FOND MEMORIES FROM DANIEL FALCONER
I recall fondly the day Viggo Mortenson arrived in New Zealand to play the part of Aragorn. Shooting had already begun when the role was recast, throwing everything into uncertainty, but just as quickly the situation resolved itself. Mere days after accepting the offer of the role at incredibly short notice, famously thanks to the insistence of his son Henry, Viggo jumped on a plane and flew to New Zealand. He was swiftly ushered through all of the key departments and companies needing to fit him with costumes, hair, make-up, armour and weaponry, including Wētā Workshop, where we all waited with bated breath to meet the movies’ new star. Strider was such a critical role, and with the shoot already underway there was almost no time at all for the actor to find his way into the role. He had to arrive and become Aragorn overnight.
Thankfully, we couldn’t have wished for a better man for the job. Relief and exhilaration spread among the entire crew of the production the minute Viggo stepped in front of camera. This guy was Aragorn. He got it, and he lived it throughout the long, and at times gruelling, shoot. He asked for a utility blade to accompany his sword, and a whetstone; he took it upon himself to look after the blade rather than return it to the Weta Workshop armoury crew each night, and slept with it under the stars on location; he favoured using the heavier spring steel ‘hero’ sword instead of lightweight aluminium alternatives because in his opinion it looked more authentic; and all of it while also being the most charming, unassuming, warm-hearted man you could meet. Viggo took responsibility for the integrity of the character’s portrayal in the best ways possible, becoming an example to everyone on the project. It is no accident that the character resonated so strongly with audiences.
Because we were the people that made the stuff for the movies, we’ve got the costumes. I can take measurements from certain details on the costume and translate that directly to the sculpture.
Though true and thoughtful, Aragorn struggles to keep his company together. Doubt and disagreement gnaw as the Ring exerts its dark influence upon the party, and Boromir’s brooding disapproval hangs above them like a dark cloud, smothering their spirits.
Seeking comfort in solitude, Frodo strays among the trees, climbing the wooded slope of Amon Hen, and here finds Boromir waiting for him. In a fit of madness Gondor’s son tries to wrest the Ring from Frodo, and the Hobbit flees to encounter Aragorn searching for them both. Aragorn gazes long upon the Ring, but in the end does what Boromir could not, overcoming its lure and accepting the truth that the Fellowship is no more: what hope they have lies now on Frodo’s shoulders alone.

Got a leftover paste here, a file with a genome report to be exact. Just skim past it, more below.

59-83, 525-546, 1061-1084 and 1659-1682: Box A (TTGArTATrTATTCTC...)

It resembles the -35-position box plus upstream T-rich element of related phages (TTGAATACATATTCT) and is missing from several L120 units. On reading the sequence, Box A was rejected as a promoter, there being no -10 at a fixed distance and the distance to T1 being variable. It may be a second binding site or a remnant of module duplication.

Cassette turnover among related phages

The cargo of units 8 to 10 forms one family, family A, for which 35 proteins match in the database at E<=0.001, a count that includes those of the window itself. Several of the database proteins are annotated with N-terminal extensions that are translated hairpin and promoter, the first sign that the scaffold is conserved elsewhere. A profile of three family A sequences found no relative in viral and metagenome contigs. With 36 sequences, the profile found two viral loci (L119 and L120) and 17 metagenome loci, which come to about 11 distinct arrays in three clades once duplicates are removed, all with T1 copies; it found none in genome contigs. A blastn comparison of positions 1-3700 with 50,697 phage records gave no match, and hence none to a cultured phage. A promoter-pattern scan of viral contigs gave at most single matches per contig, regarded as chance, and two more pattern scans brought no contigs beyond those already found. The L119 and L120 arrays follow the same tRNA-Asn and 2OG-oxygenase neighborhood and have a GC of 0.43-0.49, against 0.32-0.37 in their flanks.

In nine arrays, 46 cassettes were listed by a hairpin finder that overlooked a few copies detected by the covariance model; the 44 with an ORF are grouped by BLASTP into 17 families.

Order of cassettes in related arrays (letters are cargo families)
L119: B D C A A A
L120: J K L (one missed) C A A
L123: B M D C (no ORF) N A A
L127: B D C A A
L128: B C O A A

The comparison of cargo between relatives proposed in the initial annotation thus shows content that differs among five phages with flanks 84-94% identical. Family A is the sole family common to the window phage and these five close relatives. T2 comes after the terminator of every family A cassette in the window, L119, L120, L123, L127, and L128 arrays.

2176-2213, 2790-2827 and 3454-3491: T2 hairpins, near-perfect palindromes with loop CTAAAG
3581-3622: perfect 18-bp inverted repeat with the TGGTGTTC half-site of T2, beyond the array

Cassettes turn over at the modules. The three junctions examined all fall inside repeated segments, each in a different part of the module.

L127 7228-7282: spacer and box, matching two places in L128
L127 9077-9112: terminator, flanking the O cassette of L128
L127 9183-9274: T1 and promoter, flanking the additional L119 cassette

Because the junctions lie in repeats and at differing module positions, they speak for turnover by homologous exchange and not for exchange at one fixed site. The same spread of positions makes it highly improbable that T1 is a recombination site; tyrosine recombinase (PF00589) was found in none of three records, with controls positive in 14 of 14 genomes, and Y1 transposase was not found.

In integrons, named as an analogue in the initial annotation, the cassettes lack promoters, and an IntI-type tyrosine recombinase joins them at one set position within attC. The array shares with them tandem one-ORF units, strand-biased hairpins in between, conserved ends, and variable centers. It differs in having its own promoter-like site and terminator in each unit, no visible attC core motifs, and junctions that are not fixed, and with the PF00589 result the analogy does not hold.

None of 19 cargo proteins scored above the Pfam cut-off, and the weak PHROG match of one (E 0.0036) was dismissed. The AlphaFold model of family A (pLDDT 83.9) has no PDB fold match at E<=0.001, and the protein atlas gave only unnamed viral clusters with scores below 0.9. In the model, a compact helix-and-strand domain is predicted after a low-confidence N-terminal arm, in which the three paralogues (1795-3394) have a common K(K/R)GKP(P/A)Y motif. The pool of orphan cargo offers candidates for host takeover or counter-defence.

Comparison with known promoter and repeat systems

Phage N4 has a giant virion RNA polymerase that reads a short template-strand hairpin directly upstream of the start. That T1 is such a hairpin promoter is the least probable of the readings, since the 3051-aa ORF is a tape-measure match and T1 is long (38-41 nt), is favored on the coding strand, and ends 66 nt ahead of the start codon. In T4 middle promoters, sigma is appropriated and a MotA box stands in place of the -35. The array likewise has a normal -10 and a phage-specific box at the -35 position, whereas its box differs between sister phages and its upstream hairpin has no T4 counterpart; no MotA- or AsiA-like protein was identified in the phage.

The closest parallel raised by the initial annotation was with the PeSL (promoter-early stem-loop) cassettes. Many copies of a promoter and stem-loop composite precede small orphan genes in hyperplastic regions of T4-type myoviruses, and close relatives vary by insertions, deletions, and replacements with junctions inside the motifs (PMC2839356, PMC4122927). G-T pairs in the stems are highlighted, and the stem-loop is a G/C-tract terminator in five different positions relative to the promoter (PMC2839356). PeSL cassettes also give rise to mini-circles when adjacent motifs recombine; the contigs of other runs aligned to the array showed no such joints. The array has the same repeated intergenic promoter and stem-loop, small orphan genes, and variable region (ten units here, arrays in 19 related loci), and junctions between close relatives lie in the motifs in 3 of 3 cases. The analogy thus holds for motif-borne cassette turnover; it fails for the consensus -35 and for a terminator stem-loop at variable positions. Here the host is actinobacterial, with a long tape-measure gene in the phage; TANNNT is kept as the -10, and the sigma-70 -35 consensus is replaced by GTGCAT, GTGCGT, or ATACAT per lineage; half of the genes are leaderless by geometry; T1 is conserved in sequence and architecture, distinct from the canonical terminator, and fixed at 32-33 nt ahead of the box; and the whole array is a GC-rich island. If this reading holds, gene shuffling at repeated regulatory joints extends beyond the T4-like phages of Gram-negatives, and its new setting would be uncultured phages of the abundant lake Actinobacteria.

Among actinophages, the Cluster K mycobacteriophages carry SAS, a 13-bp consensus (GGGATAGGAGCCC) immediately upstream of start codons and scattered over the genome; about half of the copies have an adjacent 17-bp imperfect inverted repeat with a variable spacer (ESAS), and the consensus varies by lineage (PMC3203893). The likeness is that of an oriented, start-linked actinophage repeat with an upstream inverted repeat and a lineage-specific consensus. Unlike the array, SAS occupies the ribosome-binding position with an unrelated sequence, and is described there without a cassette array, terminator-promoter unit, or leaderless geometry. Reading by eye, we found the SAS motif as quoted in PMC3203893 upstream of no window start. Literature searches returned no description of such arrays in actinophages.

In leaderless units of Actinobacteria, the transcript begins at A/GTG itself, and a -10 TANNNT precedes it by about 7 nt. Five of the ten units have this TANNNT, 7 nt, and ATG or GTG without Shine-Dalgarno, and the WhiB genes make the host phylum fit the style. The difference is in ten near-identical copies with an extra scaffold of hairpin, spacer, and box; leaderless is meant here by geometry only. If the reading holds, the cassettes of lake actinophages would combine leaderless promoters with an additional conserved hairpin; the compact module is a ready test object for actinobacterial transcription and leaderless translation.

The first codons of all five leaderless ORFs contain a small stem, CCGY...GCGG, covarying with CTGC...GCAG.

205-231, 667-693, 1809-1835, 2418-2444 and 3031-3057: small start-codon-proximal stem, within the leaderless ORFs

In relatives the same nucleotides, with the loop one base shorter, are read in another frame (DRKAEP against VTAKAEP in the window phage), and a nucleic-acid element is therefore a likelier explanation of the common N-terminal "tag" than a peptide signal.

Yet even as this understanding settles between them a new peril appears. Emerging from the trees in clouds of dust and the rumble of iron-shod feet come scores of slavering Uruk-hai. Now Aragorn must fight to buy Frodo’s escape, and as the Hobbit vanishes among the leaves the clear horn of Gondor sounds below: Boromir calls for aid. Outnumbered, desperate and dispersed, the Fellowship is broken, but its members might yet be saved…
ARAGORN AT AMON HEN
Unveiled for the first time at Emerald City Comic-Con 2019, Wētā Workshop is proud to present Aragorn at Amon Hen. This 1:6 scale polystone marries traditional hand-crafted techniques with modern technology to create an ever-more exacting piece.
BEHIND-THE-SCENES AT WETA WORKSHOP
Senior sculptor Daniel Cockersell was charged with recreating this climatic moment as a collectible. Daniel worked in clay, using traditional techniques to develop the figure’s dynamic pose. To embody the collectible with the same sense of urgency felt in the scene, Daniel ensured Aragorn is fully armed and in full pursuit of his enemy.
The robes of Aragorn billow out as he races towards Lurtz with sword and Elven hunting knife in hand. Using the original costume as reference, Daniel created a film-accurate representation of the character- even taking care to add hundreds of individual stitches throughout Aragorn’s costume.
The final and most crucial step was to create Aragorn’s facial features. To capture an extreme likeness, Daniel had the benefit of the original face cast of actor Viggo Mortensen, taken at Wētā Workshop during the production of The Lord of the Rings. For the sculpture, the face cast was scanned by the Workshop’s 3D Department, then converted into a digital model. From here, Daniel worked digitally to develop Aragorn’s intense expression.
Senior painter Jules German drew on his knowledge of painting prosthetics to bring Aragorn to life. The result is an exacting likeness of the character in polystone, frozen in time in this most highly charged of moments from The Fellowship of the Ring.
Creating Aragorn™ at Amon Hen
Please note: images are of pre-production prototype. Each item is painted by hand and variations will occur.